CXO

Creative time management can save your sanity

One of the tools that has helped me more than anything in my career as a busy IT pro are good time management skills.

One of the tools that has helped me more than anything in my career as a busy IT pro are good time management skills.

Toward this goal, I learned to identify 10-minute tasks. These are things that you can literally do from start to finish in ten minutes. A 10-minute task is a great fill-in when you arrive at the meeting on time but no one else does and you can tick one more task off the list in time that would otherwise have been lost.

And speaking of meetings, even the best time managers can get totally derailed by meetings gone amok. You may not have much control over meetings conducted by others, but you can do something about the ones you have to run. I learned to schedule half-hour meetings designed to accomplish the task at hand in 15 minutes and allow the remaining 15 minutes to manage the parking lot. I started sending out the 15-minute agenda with the meeting notice and asking attendees to print it off and bring it to the meeting. Then I took out all the chairs in the conference room.

Yes, I know that by now you think I'm crazy. Probably, but crazy like a fox? My meetings were tighter and more organized; I had follow up notes on the same sheet as the agenda. Endless debate came to a screeching halt. People were less inclined to argue inconsequential points if they had to stand through the argument. Communication became more effective.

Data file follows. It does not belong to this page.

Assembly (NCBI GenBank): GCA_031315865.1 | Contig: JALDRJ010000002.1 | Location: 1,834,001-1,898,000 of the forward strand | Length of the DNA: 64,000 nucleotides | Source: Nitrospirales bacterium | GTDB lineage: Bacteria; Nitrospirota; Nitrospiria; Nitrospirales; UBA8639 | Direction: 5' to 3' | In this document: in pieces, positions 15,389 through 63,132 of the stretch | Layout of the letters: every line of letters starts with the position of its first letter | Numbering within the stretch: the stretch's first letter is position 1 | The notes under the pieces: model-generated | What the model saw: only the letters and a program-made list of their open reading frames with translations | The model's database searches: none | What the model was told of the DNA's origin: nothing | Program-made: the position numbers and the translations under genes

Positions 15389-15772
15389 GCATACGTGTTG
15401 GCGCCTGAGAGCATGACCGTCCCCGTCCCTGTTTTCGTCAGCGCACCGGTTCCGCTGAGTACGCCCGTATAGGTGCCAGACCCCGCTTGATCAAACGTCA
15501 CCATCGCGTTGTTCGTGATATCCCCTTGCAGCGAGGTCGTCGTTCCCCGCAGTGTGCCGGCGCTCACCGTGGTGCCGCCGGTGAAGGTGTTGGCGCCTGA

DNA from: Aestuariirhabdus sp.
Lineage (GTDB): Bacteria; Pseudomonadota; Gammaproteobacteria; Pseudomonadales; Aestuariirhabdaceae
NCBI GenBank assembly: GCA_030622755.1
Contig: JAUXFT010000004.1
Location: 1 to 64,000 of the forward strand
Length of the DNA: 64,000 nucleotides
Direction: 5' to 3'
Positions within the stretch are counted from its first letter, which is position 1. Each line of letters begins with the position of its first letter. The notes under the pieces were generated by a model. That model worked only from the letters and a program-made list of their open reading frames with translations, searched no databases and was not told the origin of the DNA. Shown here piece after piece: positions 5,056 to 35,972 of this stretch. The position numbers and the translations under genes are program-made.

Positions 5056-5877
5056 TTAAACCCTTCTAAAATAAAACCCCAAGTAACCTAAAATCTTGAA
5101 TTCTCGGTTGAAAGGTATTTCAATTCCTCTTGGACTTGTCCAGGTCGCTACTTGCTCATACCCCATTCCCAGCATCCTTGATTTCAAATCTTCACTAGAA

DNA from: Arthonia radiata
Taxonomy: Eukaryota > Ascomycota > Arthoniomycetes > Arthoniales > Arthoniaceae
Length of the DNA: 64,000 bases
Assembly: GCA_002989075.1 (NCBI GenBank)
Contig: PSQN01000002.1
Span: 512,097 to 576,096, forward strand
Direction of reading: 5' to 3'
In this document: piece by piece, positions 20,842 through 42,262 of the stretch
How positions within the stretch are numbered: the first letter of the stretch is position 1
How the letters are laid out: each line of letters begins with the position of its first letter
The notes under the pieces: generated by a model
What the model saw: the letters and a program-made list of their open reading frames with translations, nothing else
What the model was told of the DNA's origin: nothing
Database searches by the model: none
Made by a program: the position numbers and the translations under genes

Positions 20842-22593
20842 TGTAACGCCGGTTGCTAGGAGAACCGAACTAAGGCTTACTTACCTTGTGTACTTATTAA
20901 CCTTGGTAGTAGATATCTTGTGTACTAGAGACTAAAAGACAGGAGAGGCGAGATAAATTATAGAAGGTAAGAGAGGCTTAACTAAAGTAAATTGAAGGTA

One of the things that went alongside this approach was to state decisions that needed to come out of the meeting up front. I also made sure that there was enough time for people to tell me if they didn't feel that we had reached a point where we could make a decision.

Finally, I started to control the access that my business client had to my technical people. I know that sounds odd, but I stopped getting calls from my architect and programmers that they were getting instructions from business asking for changes to the requirements. I gained back hours of time every week by taking the time to explain to business that once we were signed off on the requirements, anything else was Phase Two. And business understood and respected that.

I still have days that spin out of control. IT isn't an exact science. But I have them less frequently, and when I do, I check to be certain that I am following my own rules.

What time management tips can you share?

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